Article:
Big Tech companies rallied in support of Ukraine following Russia's invasion of the country, resulting in disruptions to some popular services in the region.
Meta Platforms Inc., Twitter Inc., Alphabet Inc., Apple Inc. and Microsoft Corp. were among the companies that took steps to remove Russian state media from their platforms, including cutting off access to advertising networks, as European regulators moved to revoke media licenses for Russian outlets. The Russian government responded by throttling access to Facebook and Twitter within its borders.
Facebook parent Meta said it is working to keep its social platforms running in both Ukraine and Russia so that ordinary users could use them "to protest, to organize, and to share what's happening with their communities in the wider world."
While Russia represents a relatively small portion of usage and revenue for tech companies, Big Tech must navigate various social and regulatory pressures regarding the use of its services amid the ongoing conflict.
"From a financial impact standpoint, large tech companies would take a minimal hit if they were forced to withdraw their businesses from Russia," said Angelo Zino, senior industry analyst at CFRA Research. "It would be more financially damaging in the long run if they continued to conduct business normally, because the severe social and media backlash around the globe would lead to further regulatory scrutiny."
Meta, Apple and other big tech companies largely held on to stock gains as the conflict progressed, though trading has grown choppier in recent days. The tech-heavy NASDAQ was up 3.8% for the seven days ended March 3.
Some Big Tech companies temporarily disabled their own services in the conflict zone. Both Apple and Google stopped providing live traffic data from showing in their mapping services in Ukraine. An Apple spokesperson called the move "a safety and precautionary measure for Ukrainian citizens."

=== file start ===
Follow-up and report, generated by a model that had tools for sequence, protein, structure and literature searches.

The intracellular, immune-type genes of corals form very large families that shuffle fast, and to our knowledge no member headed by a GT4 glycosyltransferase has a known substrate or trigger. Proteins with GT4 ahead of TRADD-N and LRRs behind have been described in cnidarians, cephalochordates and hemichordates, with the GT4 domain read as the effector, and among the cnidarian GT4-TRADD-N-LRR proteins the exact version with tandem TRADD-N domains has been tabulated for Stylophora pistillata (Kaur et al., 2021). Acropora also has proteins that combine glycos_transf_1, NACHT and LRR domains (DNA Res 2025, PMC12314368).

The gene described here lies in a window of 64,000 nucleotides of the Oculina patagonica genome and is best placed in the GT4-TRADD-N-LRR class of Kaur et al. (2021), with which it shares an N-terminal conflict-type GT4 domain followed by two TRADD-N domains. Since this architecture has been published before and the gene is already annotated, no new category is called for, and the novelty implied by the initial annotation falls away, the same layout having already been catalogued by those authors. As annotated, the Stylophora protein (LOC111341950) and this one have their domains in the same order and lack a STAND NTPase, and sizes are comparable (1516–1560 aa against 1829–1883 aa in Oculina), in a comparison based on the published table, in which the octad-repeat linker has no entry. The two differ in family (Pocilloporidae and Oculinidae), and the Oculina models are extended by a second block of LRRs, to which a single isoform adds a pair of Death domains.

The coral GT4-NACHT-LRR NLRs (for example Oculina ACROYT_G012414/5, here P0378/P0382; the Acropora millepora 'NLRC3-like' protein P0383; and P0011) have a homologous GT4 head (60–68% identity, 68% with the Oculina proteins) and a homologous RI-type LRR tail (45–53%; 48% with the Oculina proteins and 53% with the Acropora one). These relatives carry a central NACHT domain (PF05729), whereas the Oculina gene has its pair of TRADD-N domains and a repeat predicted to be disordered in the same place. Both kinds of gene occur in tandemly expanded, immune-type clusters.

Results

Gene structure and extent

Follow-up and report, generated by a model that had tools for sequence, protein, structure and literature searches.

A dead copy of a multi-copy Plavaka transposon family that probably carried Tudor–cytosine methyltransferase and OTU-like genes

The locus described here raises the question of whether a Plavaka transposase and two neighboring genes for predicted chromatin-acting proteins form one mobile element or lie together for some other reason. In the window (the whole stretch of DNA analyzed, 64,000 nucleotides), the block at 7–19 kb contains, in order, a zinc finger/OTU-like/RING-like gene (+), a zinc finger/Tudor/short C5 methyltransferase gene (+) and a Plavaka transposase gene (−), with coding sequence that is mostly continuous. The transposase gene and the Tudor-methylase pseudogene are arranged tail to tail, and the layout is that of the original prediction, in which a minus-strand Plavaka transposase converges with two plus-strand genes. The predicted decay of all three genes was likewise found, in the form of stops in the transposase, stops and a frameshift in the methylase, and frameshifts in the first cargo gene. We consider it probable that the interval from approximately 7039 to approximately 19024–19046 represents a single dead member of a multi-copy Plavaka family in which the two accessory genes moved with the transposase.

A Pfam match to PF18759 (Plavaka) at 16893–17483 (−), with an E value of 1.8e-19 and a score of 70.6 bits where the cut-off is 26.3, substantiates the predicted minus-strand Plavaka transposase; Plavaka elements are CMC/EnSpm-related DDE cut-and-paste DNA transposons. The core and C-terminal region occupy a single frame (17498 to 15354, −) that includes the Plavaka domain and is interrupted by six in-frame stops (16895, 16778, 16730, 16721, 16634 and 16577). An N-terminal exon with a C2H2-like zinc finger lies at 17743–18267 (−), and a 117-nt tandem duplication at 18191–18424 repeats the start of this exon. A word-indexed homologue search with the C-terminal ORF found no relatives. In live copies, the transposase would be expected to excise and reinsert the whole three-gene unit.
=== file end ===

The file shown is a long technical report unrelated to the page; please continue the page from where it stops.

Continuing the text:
Apple also halted all sales of its products in Russia.
While Apple does not disclose what portion of its revenue comes from Russia, it reported that about 24% of its $123.90 billion in total revenue for the quarter ended in December 2021 came from European sales, including those in Russia.
Microsoft joined its Big Tech peers in limiting exposure to Russian state media on its internet platforms, and the company on March 4 announced it would suspend all new sales of Microsoft products and services in Russia. In a blog post, Microsoft President and Vice Chair Brad Smith said the company was coordinating closely with the governments of the U.S., EU and U.K. to comply with various sanctions.
"We believe we are most effective in aiding Ukraine when we take concrete steps in coordination with the decisions being made by these governments and we will take additional steps as this situation continues to evolve," Smith wrote.
Microsoft is also working to defend Ukraine from cyberattacks originating from Russia.
Netflix Inc. responded to the invasion by refusing to comply with new Russian rules that obliged the company to carry 20 state-backed channels on its streaming service.